Israel has a radical new ballistic-missile defense system, known as the Iron Dome, and it has saved countless lives during the last couple of weeks.
The Iron Dome is not a literal "protective bubble" set up over a city.
But it might as well be…
This portable system is made up of three components: 1) a detection and tracking radar system, 2) the Battle Management & Weapon Control (BMC) – basically a computer control center – and 3) units that fire missiles.
The radar detects incoming missiles and tracks their trajectories. Then, using this data, the BMC calculates where the missiles will likely hit and determines whether they pose a threat – and only then does the firing unit launch an interceptor (also a missile).
In this way, they take out the incoming rockets in midair, where it's safe to do so, far before they can reach their target on the ground below.
This is no easy feat. Think of standing in a field with a bow and arrow and trying to shoot down another arrow launched from a few hundred yards away. What's more, the system can handle multiple threats simultaneously and works in any kind of weather (day or night).
Designing something that complex boggles the mind, as does the fact that it works so well.
Thanks to an unending stream of breakthroughs in computing, sensors, radar, software, and guidance systems, we're at the point where one "arrow" can now shoot down another in a matter of seconds.
The Iron Dome is a clear game-changer in defense technology.
And the investment potential is just as big…
Intercepting Missiles Left and Right
Indeed, the system is getting rave reviews in the U.S. media. In the last few days, both the Washington Post and Wall Street Journal have published long, detailed accounts of the Iron Dome's great success rate at destroying missiles during this latest conflict in Israel and the Gaza strip.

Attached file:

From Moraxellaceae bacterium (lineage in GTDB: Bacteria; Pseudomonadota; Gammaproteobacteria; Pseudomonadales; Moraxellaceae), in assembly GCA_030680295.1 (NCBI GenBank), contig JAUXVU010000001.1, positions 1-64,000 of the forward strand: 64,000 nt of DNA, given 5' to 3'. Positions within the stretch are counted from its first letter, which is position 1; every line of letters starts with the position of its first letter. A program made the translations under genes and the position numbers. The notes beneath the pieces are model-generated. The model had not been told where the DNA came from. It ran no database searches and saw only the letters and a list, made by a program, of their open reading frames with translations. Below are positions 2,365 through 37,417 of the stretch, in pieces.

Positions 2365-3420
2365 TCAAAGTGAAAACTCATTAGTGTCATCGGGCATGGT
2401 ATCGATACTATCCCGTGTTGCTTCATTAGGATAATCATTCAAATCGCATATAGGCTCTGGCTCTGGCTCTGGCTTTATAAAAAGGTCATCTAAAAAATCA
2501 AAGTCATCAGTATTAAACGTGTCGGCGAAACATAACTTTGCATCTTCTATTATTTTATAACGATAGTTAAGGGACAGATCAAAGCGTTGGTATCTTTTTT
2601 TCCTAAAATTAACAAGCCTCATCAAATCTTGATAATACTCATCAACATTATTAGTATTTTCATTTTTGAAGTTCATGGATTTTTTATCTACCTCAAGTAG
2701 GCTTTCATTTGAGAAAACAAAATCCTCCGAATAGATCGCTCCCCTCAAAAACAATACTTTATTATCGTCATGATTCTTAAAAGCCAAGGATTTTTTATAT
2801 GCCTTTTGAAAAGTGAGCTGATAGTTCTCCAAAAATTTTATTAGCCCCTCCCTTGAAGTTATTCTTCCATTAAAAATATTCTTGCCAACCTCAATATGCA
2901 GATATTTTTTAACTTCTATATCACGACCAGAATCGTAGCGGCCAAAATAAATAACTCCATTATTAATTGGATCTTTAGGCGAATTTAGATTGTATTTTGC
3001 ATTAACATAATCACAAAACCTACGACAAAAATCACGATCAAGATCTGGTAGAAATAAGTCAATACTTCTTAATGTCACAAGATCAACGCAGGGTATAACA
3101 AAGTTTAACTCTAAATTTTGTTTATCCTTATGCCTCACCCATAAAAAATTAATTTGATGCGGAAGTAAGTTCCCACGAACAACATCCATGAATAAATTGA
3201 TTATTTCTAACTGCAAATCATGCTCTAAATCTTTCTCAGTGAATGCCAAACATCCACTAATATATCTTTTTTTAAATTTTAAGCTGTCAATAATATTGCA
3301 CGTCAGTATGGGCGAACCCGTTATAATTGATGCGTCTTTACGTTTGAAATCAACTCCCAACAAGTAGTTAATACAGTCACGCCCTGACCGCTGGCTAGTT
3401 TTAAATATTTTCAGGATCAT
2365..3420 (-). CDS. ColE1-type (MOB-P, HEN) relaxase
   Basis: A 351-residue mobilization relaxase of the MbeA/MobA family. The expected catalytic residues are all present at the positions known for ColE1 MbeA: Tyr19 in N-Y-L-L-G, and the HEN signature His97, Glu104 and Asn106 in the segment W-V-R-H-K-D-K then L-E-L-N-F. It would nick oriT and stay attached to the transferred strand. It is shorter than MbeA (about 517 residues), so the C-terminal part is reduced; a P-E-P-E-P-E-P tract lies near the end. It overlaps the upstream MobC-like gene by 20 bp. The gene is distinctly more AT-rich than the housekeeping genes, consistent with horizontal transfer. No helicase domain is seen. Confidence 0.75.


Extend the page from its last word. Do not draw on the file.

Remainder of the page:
The Dome showed an amazing success rate. Before last Wednesday's cease-fire, it knocked down 421 rockets launched from Gaza and bound for Israeli cities. We're talking a rocket "kill" ratio of 84%.
With the Iron Dome intercepting Hamas missiles left and right, Israel suffered only six casualties in seven days of rocket strikes.
Thing is, ballistic missile defense is not just a big deal in the Middle East. It's a big deal here in the U.S., too.
And right now, I've got my eye on a firm that's playing a big role in America's ballistic-missile defense (BMD) technology. It's a small-cap firm, so don't worry if you haven't heard of it. Most people don't even know the Pentagon is hard at work in this area. But there's a very good reason for investors to know about it.
Let's put this investment opportunity in context…
As it turns out, Obama gave the green light to have the U.S. spend some $275 million on the system since 2010, according to The Wall Street Journal. In the hopes of forging a peace deal, the president wants to reduce the rocket threat to Israel, while getting that nation to agree to give back some captured territory.
By just about any standard, the system has been a godsend. And not just for Israel, but for the U.S. and the balance of power in the Middle East.
It's important to note that Israel is still a long way from shooting down the kind of complex missile that a nuclear-armed Iran would fire their way.